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Design Process Understand the Problem –Develop the underlying issues, constraints (i.e. cost, standards, patents, user needs, physical properties, chemical.

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Presentation on theme: "Design Process Understand the Problem –Develop the underlying issues, constraints (i.e. cost, standards, patents, user needs, physical properties, chemical."— Presentation transcript:

1 Design Process Understand the Problem –Develop the underlying issues, constraints (i.e. cost, standards, patents, user needs, physical properties, chemical reactions,..) –What is the big picture? – How does the project/process fit in to the business, social, marketing, strategy of the company and society? Generate Alternatives –Employ the action of using synthesis and apply engineering science –Document with standard engineering documents Analyze the Alternatives and choose the best one –Use decision making tools Prepare final design and recommendations –Knowing your audience and their needs, presenting the facts and making a recommendation

2 An Example A local construction company is creating a large pit that keeps filling up with water whenever it rains. This is delaying excavation and construction. Provide a solution.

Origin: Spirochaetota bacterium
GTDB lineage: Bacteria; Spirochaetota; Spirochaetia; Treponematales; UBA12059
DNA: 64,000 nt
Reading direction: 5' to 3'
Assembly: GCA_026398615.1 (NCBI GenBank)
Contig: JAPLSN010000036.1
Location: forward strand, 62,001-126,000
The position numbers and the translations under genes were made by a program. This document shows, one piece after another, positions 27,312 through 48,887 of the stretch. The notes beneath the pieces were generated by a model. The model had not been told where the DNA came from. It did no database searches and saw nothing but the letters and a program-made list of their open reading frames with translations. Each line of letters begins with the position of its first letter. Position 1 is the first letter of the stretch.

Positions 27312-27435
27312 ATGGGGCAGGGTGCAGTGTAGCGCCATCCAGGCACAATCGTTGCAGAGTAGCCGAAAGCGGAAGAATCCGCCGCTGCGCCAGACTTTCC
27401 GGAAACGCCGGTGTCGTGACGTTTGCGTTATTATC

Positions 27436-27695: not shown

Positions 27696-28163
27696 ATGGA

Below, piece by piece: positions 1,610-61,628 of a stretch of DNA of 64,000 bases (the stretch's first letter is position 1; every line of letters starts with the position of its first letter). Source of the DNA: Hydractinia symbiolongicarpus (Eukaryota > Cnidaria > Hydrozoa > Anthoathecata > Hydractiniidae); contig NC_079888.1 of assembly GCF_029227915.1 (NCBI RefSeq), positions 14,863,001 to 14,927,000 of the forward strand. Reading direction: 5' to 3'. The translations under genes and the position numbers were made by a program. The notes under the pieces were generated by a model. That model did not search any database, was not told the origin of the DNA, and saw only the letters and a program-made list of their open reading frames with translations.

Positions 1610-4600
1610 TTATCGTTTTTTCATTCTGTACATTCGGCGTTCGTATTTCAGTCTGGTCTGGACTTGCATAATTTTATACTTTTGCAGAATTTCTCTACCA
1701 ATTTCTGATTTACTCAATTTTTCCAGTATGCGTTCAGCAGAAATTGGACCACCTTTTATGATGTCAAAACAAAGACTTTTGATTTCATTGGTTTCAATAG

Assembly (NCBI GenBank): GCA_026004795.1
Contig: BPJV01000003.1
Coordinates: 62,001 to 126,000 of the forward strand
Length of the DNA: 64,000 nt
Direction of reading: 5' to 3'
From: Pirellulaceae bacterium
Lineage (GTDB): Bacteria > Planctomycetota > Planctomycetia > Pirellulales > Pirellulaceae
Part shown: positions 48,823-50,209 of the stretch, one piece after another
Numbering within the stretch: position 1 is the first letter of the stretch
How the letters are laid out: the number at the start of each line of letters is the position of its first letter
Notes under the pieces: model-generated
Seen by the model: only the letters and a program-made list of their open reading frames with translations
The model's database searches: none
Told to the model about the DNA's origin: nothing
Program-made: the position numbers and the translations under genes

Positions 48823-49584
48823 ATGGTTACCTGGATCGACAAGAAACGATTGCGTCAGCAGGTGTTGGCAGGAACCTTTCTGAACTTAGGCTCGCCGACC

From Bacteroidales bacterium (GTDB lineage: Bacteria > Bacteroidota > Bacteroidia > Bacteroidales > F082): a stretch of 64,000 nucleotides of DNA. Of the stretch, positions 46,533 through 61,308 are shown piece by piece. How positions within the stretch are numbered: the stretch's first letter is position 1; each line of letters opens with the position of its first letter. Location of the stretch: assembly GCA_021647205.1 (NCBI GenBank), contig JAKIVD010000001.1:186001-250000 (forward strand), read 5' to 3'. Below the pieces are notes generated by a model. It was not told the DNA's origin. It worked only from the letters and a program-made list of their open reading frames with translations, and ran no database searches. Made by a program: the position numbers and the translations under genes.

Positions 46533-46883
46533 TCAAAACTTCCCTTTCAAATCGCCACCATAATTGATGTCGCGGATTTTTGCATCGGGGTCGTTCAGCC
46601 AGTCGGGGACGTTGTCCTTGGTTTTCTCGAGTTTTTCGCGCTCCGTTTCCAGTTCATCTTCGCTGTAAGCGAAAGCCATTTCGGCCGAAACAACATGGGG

3 Understand The Problem What’s the issue here? –Water filling a hole, or –The water becoming contaminated and affecting the health of the workers, or –The cost of construction, or –The schedule delays of construction impacting the availability and costs of cranes and material being delivered to site, or…

4 Understand The Problem Constraints –Cost –Where can we send the water (environ standards, city municipal standards) –How long do we have to provide a workable solution Design issues –How long do we allow to pump the hole out? –What pump capacity do we need? –How will they be powered? –How much water can we leave behind? –Do we need a spare in case the pump breaks down? Background research –Talk to construction company – needs, power, portability (weight, wheels,..) –What don’t we know about pumps to provide a workable solution? How much time do we have to provide a solution (to what problem?) and how much money is available for the solution?